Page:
The random amount of time a node in a CSMA/CD network waits after a collision has occurred; a typical backoff period is a few milliseconds long.
  • bandwidth
    The average number of bits of data that can be transmitted from a source to a destination over the network in one second.
  • baseband transmission
    A transmission technique in which digital signaling is used to send data over a single transmission medium using the entire bandwidth of that medium.
  • baseline
    A record of a system's performance statistics under normal operating conditions.
  • BGP (Border Gateway Protocol)
    A path-vector protocol used by ISPs to establish routing between one another.
  • biometrics
    Authentication schemes based on an individual's physical characteristics.
  • black hat
    A hacker who exposes vulnerabilities for financial gain or for some malicious purpose.
  • bluejacking
    A method used by attackers to send out unwanted Bluetooth signals from PDAs, mobile phones, and laptops to other Bluetooth-enabled devices.
  • bluesnarfing
    A process in which attackers gain access to unauthorized information on a wireless device using a Bluetooth connection.
  • Bluetooth
    A wireless technology that facilitates short-range wireless communication between devices such as personal computers, laptop, cellular phones, and gaming consoles, thus creating a WPAN.
  • BOOTP (Bootstrap Protocol)
    A UDP network protocol that helps diskless workstation computers get an IP address before loading an advanced operating system.
  • border router
    A router situated on the edge of an AS that connects the AS to one or more remote networks.
  • botnet
    A collection of software robots run by a command and control program that is controlled by a person.
  • bottleneck
    A component of a system that performs poorly when compared to other components and reduces the overall system performance.
  • bounded media
    A networking medium that uses a physical conductor, typically made of metal or glass.
  • BPL (Broadband over Powerlines)
    A technology that allows domestic power lines for broadband transmission.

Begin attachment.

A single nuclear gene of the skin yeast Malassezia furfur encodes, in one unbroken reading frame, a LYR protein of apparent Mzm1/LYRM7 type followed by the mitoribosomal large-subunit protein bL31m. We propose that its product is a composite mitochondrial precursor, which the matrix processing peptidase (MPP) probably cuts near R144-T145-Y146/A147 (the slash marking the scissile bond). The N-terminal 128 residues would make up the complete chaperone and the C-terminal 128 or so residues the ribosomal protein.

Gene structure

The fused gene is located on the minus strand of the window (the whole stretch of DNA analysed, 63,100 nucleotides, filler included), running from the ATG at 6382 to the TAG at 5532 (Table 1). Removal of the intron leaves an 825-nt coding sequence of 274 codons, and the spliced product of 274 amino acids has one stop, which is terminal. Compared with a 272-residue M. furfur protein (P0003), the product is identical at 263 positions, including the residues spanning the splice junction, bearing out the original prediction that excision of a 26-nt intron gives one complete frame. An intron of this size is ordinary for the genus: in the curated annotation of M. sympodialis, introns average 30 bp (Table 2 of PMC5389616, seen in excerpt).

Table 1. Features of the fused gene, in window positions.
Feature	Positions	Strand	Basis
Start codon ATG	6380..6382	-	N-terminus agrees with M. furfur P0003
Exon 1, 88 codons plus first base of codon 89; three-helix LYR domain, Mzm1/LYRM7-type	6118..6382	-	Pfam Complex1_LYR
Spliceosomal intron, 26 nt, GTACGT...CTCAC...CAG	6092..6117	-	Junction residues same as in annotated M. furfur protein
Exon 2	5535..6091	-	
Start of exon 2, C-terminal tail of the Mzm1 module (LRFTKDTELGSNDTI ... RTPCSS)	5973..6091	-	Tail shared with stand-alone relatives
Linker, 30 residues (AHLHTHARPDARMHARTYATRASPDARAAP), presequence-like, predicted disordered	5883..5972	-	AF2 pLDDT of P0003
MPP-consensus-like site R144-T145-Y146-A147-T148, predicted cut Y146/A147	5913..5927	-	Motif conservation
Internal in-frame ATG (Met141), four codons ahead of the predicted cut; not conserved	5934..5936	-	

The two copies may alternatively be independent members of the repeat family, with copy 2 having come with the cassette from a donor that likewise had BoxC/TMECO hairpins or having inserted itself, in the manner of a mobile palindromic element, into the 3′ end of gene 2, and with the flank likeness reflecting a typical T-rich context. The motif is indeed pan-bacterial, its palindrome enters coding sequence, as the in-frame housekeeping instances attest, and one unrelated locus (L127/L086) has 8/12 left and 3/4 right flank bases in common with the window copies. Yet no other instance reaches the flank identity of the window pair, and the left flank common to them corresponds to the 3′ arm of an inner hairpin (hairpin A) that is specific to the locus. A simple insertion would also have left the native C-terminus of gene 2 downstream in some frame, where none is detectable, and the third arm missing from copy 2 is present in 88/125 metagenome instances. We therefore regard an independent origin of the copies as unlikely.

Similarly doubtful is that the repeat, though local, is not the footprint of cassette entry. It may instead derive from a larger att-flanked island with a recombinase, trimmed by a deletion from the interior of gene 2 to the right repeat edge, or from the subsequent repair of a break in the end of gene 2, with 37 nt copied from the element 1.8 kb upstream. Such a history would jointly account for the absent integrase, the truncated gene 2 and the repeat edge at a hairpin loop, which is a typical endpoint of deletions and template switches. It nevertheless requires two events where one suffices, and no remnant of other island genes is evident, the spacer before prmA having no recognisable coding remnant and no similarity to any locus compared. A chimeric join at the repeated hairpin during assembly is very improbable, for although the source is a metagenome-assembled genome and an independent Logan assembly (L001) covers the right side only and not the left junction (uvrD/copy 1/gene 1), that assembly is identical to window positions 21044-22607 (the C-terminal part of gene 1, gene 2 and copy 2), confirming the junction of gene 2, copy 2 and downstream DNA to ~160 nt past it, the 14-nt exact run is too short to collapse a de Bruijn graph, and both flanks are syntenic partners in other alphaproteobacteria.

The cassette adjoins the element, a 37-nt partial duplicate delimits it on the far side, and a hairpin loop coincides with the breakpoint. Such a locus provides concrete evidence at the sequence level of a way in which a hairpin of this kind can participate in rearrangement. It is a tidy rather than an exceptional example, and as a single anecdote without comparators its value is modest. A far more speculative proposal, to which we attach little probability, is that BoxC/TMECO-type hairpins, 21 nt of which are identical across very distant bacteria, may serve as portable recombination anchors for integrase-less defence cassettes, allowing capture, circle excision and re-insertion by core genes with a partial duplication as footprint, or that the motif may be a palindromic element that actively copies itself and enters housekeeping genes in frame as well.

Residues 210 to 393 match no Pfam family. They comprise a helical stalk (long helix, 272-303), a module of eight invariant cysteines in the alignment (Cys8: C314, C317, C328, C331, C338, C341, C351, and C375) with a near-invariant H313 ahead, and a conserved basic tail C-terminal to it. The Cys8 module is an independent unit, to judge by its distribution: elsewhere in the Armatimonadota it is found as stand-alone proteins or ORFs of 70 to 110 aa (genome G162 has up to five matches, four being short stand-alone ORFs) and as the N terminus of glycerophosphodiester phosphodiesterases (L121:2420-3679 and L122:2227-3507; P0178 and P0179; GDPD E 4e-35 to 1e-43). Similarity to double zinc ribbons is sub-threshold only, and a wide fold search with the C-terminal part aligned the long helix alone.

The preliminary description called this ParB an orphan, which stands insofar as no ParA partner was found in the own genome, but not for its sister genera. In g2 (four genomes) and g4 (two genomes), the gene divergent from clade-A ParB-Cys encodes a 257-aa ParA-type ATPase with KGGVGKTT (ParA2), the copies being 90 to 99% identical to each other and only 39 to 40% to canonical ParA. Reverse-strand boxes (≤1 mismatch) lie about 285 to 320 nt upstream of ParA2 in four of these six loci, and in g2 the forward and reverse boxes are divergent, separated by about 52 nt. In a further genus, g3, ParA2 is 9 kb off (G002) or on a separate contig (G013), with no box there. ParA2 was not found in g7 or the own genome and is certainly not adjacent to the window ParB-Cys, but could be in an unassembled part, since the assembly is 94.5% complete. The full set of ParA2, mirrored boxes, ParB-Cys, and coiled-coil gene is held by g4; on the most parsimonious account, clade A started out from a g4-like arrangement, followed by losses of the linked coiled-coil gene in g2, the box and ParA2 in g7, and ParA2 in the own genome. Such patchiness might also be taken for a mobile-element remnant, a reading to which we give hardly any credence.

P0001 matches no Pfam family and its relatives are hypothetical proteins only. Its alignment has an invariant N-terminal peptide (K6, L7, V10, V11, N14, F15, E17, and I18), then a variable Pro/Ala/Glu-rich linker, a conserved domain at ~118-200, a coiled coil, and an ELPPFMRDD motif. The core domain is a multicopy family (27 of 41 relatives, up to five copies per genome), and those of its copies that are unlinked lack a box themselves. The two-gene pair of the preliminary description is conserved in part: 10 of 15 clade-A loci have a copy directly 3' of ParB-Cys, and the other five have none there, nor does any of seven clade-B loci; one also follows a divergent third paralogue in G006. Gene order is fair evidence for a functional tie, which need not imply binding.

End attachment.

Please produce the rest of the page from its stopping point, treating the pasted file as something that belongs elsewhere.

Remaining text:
• branching factor
    In a physical tree topology, the number of point-to-point connections that are consistently found between a node and the nodes beneath it in the tree structure.
  • bridge
    A network device that divides a logical bus network into subnets.
  • broadband transmission
    A transmission technique in which analog signaling is used to send data over a transmission medium using a portion of the medium's bandwidth.
  • broadcast domain
    A logical area in a computer network where any node connected to the computer network can directly transmit to any other node in the domain without a central routing device.
  • broadcast radio
    A form of RF networking that is non-directional, uses a single frequency for transmission, and comes in low- and high-power versions.
  • broadcast transmission
    A transmission method in which data goes from a source node to all other nodes on a network.
  • brute force attack
    A type of password attack where an attacker uses an application to exhaustively try every possible alphanumeric combination to try to crack encrypted passwords.
  • BSS (Basic Service Set)
    A service set that defines the way a WLAN is configured.
  • buffer overflow
    An attack that targets system vulnerability to cause the device operating system to crash or reboot and may result in loss of data or execute rogue code on devices.
  • buffering
    A flow control technique in which received data is stored on a temporary high-speed memory location.
  • butt set
    A special type of telephone used by telecom technicians when installing and testing local lines. Also known as a lineman's test set.
  • CA (Certificate Authority)
    A server that can issue digital certificates and the associated public/private key pairs.
  • cable certifiers
    A type of certifier that can perform tests, such as cable testing and validity testing.